Diego Garcia: an unavailing 50-year struggle for uprooted civilians

Comment: Written by Rayyan Sorefan.

Islanders, who were forcibly evicted to make way for a US military base in the Indian ocean over half a century ago, have lost their legal battle to return to their homeland. 

The Chagos Archipelago (BIOT territory) – a group of Islands located in the Indian ocean – was depopulated more than 50 years ago for the sole purpose of accommodating a strategic US military base during the Cold War.

An agreement was struck between the UK and US government and has since generated extensive litigation in national courts and the European Court of Human Rights.

Approximately 1,500 islanders were removed from their abode in 1971 to make way for a US military base in Diego Garcia. Under the deal, undisclosed at the time, the US agreed to contribute to the costs of establishing the base while waiving the UK’s payment towards the joint missile programme. In 2004, the islanders right of abode on BIOT were denied partially on the basis of a feasibility study conducted by the UK government.

However, shockingly the UK government has spent over £1 billion since 1982 helping an alternate group of British islanders – those living on the Falkland Islands.

David Cameron said, “We will always be there for them…we believe in the Falkland islanders right to self-determination”.  This is an overt paradox as the case was dealt with 12,000 km away; the European Courts of Human rights have since reported that the judges have refused to accept the “perceived need to right an injustice.”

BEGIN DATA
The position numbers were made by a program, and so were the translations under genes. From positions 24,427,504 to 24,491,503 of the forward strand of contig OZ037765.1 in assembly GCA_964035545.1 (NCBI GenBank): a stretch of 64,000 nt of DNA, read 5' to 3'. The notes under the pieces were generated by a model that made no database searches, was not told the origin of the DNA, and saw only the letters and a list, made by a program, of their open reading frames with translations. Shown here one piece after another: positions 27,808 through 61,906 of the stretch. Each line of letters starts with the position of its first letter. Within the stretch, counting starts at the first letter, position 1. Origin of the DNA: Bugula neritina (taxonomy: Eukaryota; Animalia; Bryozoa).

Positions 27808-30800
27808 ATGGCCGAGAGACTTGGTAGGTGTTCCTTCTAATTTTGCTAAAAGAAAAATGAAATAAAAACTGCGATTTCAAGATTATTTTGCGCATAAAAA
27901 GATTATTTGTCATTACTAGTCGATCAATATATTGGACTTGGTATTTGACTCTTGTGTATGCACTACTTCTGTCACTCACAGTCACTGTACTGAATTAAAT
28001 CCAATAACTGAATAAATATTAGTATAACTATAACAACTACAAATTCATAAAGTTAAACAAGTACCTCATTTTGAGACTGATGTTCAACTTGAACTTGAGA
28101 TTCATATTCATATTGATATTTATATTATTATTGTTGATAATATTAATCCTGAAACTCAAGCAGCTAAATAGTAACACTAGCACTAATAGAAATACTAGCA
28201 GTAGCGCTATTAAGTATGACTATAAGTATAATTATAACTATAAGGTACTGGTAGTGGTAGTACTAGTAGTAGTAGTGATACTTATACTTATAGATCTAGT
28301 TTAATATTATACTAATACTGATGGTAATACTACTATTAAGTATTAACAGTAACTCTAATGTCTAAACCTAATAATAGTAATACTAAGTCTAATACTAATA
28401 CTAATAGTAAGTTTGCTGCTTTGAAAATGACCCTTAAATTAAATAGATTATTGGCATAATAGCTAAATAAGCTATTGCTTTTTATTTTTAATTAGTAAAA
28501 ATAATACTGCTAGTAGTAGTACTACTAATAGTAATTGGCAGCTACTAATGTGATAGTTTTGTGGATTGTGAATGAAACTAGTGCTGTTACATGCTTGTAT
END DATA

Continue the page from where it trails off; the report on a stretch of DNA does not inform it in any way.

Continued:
So why can’t Cameron and the UK government show the same commitment towards the Chagossian community – a society they uprooted?

In exercising prerogative powers to remove the islanders from their abode, the crown is expected to achieve ‘good government’, one of the compelling issues raised in this case.

However, this was systematically discounted by the majority of the lords who argued that ‘the right of abode’ is not a fundamental constitutional right. According to the House of Lords judgement, the right of abode is a creature of the law. And the law gives it and takes it away.

Many of the exiled Chagossian community now live in Crawley, West Sussex, however the majority have migrated to the neighbouring islands of Mauritius and Seychelles.

Louis Oliver Bancoult, who brought the legal challenge forward said the ruling was “not the end of the road”. He was exiled with family when he was four.

Bancoult told The Guardian: “It’s impossible to accept that other people can live in our birthplace but we can’t. Chagossians will be on Chagos very soon. We want to be allowed to return. We implore the British government to go ahead with the exercise to allow us to go back to our homeland.”

A further legal challenge by Chagos Islanders over their loss of fishing rights in the Indian ocean is expected to be heard in court next year.

Judicial review is said to limit the power of the executive and its development over the last century has led to increased scrutiny of public bodies and officials. It allows for a last resort for people who have exhausted all other options. It helps to maintain the rule of law by discouraging ministers from going above the legal duties.

One the one hand, the system seems wholly ineffective when faced with such a blatant and clear case of the Chagossians. It seems like a veil of democracy is portrayed in the judicial review because it has not been able to help a community resettle in their homes, of which they were exiled from over half a century ago.

While there have been significant advancements since then, the Chagossians have been left at a standstill, unaware of what the future holds for them.

On the other hand, the rule of law is not simply a branch of ethics and morality. If it were the case, legal decisions would be wholly subjective and precedence would have inconsequential effects on the law. The courts did not impede the decision taken by the democratically accountable parliament.

Colonialism may appear to be a relic of a past, with the lingering question of whether it should be a past to be celebrated or treated as a source of embarrassment. This case is a clear reminder that colonialism still exist in the 21st Century and the rights of colonial inhabitants are secondary to that of colonial power.


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